By JEFF CLEMETSON | Mission Times Courier
As a coastal city, San Diego is best known abroad for its beaches. But locals know it is also full of wonderful urban and suburban neighborhoods intertwined between mountains, foothills and canyons.
For outdoor nature enthusiasts, the Navajo area is best known for its proximity to the expansive Mission trails Regional Park. But there is another, more niche, local outdoor space that is about to get some long overdue attention — Navajo Canyon.
Navajo Canyon Enhancement Plan
A plan is currently underway to enhance trails and restore habitat in Navajo Canyon, which runs north eastward from its main entrance along Adobe Falls Road. It is part of a project led by San Diego Canyonlands and funded by the Coastal Conservancy to create enhancement plans for 12 canyons in the city of San Diego, said SD Canyonlands director Eric Bowlby.
Right now, the Navajo Canyon Enhancement Plan is wrapping up gathering input from various stakeholders along the canyon on what can be done to improve the area.
“Do we need any trails, do we need any signage, are there danger points, do we need a bridge — various things like that and the community provides the input,” Bowlby said.
Prior to the stakeholder meetings, SD Canyonlands went door-to-door in surrounding neighborhoods to invite residents on a guided tour of Navajo Canyon.
“We do that for a number of reasons,” he said. “Sometimes we do that just to build a friends group to support the city in stewardship. This year we did that and also went door-to-door to discuss a need for enhancements, restoration and improvements in the canyon. So it’s a real grassroots community outreach effort that we make to create a list of stakeholders.”
So far there have been three meetings with stakeholders to gather input for the plan. At the next meeting, which Bowlby predicts will be held in mid to late February, the draft plan will be presented. But, he said, residents shouldn’t expect drastic changes like BMX courses or suspension bridges. Because Navajo Canyon is located in a habitat species conservation area and is protected, uses in the area are limited.
“We’re allowed to have access to the canyon, reasonable access, so if we were to propose a new trail somewhere in Navajo Canyon, the maximum impact would be 4 foot wide and anything that would be impacted outside of that would need to [be] restored back to natural habitat,” Bowlby said.
However, the plan also does not include any new trails at the moment.
“Some constituents that live on the top end of the north ridge of Navajo Canyon had indicated they would like to have a trail, but the ranger said it is super steep and would be super difficult to maintain if we built one on such a steep slope,” Bowlby said. “Navajo doesn’t have any new trails in the plan right now, but improvements to existing trails is definitely on the agenda.”
Bowlby added that new trails could be considered if stakeholders come to a consensus to build them. “It is the Navajo community’s plan in the end,” he said.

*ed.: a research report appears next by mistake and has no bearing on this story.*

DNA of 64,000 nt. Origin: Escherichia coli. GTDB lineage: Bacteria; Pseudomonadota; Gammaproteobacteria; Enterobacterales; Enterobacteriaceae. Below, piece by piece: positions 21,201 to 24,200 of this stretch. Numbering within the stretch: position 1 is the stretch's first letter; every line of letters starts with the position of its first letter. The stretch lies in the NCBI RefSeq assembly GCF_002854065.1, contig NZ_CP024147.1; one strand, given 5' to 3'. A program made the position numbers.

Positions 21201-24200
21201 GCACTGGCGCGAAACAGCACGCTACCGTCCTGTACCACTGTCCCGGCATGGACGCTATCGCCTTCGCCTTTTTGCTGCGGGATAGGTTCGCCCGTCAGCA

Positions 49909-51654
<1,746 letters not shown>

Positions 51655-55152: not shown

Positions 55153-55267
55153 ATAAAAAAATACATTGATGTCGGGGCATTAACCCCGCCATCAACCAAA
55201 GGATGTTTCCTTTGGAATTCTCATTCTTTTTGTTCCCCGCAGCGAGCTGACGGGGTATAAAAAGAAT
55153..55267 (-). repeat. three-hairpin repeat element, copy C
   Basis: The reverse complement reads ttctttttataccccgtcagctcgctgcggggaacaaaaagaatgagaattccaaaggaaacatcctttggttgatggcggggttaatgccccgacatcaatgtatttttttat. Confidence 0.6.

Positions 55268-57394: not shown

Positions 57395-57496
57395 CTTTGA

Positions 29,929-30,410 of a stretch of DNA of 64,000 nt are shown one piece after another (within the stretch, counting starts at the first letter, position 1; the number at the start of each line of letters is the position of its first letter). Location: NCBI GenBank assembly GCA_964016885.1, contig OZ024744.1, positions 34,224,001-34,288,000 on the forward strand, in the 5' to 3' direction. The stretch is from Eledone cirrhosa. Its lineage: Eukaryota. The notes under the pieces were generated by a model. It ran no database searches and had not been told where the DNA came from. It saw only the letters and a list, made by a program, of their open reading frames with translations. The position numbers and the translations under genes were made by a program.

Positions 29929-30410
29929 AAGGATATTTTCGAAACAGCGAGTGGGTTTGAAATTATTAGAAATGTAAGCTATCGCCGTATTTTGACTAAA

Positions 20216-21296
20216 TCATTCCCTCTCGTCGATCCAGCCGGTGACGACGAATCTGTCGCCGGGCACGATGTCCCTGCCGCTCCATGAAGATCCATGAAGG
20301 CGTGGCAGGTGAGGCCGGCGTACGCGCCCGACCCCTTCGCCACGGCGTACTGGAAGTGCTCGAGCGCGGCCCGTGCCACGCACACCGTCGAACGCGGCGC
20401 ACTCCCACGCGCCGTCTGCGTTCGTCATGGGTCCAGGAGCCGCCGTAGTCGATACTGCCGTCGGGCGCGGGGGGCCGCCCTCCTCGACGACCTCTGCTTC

However, SD Canyonlands does have some control on what it seeks funding for and is not obligated to fulfill the plan. “We are just creating a conceptual plan based on community stakeholder input.”
Besides improving the existing trails, the plan will include minor improvements like signage and major improvements like restoration of habitat.
“There are somewhere around 500 palm trees in the canyon, which are not native, and have taken over the stream corridor and one of the things we’ll do to restore the canyon would be to remove those palm trees.”
Returning Navajo Canyon to its natural state will have many positive effects.
“Rehabilitating native habitats at Navajo Canyon, which are within the city’s Multiple Habitat Planning Area (MHPA), will attract more native wildlife,” said Carey Goldstein, a senior ranger with the Parks and Recreation Service. “This includes some species covered by the Multiple Species Conservation Program (MSCP) such as the Least Bell’s Vireo. These birds enjoy the native willow trees that are often displaced by invasive palm trees. Another bird which may benefit from the project is the California Gnatcatcher, an endangered species which only lives in [San] Diegan coastal sage scrub plant communities like those found in the canyon.”
Goldstein added that beautifying the canyon by removing invasive trees and plants will provide a more aesthetically pleasing experience for canyon users, which he estimates is currently about 100 people a day — a mix of hikers, dog walkers and mountain bikers.
Once a date is set for the next meeting where the draft plan will be introduced, SD Canyonlands will make an outreach effort to share the plan with neighbors, local planning groups and other outlets to inform residents about the meeting. If there is a consensus on the plan, the next step will be to go after funding to implement the plan — which SD Canyonlands and the city have had some success in getting.
Another canyon enhancement project is currently underway in nearby Ruffin Canyon, where SD Canyonlands developed the plan and construction on rehabbing trails and the natural habitat is now ongoing. Most recently, 300 palm trees were removed from Ruffin Canyon by helicopter.
For more information on San Diego Canyonlands, visit sdcanyonlands.org.
— Reach editor Jeff Clemetson at email@example.com.